MANY OF THE WORLD’S religions view humility as an admirable trait to which we should all aspire. It’s frequently associated with poverty, as practiced by devout orders like Buddhist monks and the Sisters of Mercy. But when it comes to investing, humility can—ironically—make you significantly wealthier.
As documented by the behavioral finance research, overconfidence can lead to worse investment returns when investors presume, without justification, that they’re skilled at, say, picking market-beating stocks. The research on indexing versus active stock fund management overwhelmingly shows that, for long holding periods, actively managed funds perform worse than index funds, on average. That doesn’t mean active management never succeeds, but the odds are heavily stacked against those who try.
The superior return history of indexing can strike folks as counterintuitive. It seems as though investors are just settling for average. But research shows that investors who choose low-cost indexing can end up with fund results that outpace 80% or 90% of active managers.
In addition to feeling counterintuitive, indexing flies in the face of our inherent belief in our own abilities. In opting for index funds, it can feel like we’re surrendering to the poverty of a religious order by not aiming to outperform. But in fact, it does just the opposite, making investors on average wealthier than if they’d pursued active strategies. Want to avoid the negative financial consequences of overconfidence? Let humility be your antidote.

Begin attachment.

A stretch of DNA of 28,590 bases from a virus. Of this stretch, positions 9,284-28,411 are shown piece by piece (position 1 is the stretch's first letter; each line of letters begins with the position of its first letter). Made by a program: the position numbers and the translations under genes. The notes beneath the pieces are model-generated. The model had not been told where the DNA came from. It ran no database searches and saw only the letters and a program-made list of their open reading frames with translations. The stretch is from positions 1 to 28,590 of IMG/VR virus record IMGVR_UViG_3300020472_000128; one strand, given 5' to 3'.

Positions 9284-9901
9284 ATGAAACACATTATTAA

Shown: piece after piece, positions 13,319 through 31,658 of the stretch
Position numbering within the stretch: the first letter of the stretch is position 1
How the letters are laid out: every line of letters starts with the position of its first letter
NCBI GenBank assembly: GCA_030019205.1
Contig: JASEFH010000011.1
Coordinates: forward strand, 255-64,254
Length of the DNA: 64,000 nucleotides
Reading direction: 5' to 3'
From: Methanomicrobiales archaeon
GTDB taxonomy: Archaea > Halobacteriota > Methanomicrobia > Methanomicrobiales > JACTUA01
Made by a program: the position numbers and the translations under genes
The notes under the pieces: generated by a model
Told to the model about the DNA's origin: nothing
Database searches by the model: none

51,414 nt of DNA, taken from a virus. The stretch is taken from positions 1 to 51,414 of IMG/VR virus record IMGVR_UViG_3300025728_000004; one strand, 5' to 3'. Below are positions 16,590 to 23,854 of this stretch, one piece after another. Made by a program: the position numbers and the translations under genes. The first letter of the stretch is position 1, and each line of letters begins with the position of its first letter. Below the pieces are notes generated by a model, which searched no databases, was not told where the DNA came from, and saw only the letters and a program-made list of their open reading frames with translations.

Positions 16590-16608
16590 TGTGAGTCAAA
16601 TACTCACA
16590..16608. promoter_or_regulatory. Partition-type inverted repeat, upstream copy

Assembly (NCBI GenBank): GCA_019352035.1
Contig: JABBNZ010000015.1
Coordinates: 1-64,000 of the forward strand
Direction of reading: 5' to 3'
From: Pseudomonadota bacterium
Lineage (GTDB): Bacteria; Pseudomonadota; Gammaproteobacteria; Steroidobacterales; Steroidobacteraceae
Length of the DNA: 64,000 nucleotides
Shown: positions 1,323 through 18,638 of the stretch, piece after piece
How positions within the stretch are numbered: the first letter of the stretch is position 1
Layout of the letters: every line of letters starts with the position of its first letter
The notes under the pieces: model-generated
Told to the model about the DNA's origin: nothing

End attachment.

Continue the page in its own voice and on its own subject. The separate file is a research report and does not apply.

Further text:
Though I like Warren Buffett think most people should be investing in index funds, I wouldn’t call doing that humility. An accurate assessment of reality as it related to you isn’t humility, it’s wisdom, and that assessment varies by person. I always thought the “hey just invest in index funds and you’ll be fine” crowd was way overconfident about the assumptions inherent in that. I like to ask: You’ll be fine? Really? You know that? What are your assumptions about inflation?
Though I think most people should, I’ve never invested in mutual funds. My returns aren’t average. It’s not hubris. It’s just the recognition that sometimes people can recognize outliers for various reasons, and do. That’s it. Nothing more than the strategy Peter Lynch outlined for some individual investors. But that was before the full uptake of MPT (modern portfolio theory) into the grad schools. Yet there are reasons to be skeptical of its applicability to known reality. Reasons to think the financial advisory complex is overconfident in the tenets of MPT, which was intended to address institutional investing rather than individual to begin with.
So there you go. One man’s humility is another man’s hubris. All depends on your perspective.
Yes, even the great William H. Miller III of Legg Mason was probably the most celebrated active manager of his time. The Legg Mason Capital Management Value Trust’s after-fee return beat the S&P 500 index for 15 consecutive years from 1991 through 2005. And, then it didn’t; thus, trying to find the hottest mutual fund or ETF winning managers is a monumental task. I shoot for singles and doubles and live to fight another day. FOMO is the psychological problem with chasing the market (stocks or the hottest managers). It will get you in trouble. Investing is a marathon not a sprint (think Buffett and BRK.B). Invest wisely folks and there is nothing wrong with protecting your A$$!
And when you write ” results that outpace 80% or 90% of active managers.”, that means ALL managers, not specific ones. The ‘winners’ each year change each year, so you have to pick the right manager year after year to beat the average. Think you can do that?
Very appropriate article for the “HumbleDollar” site!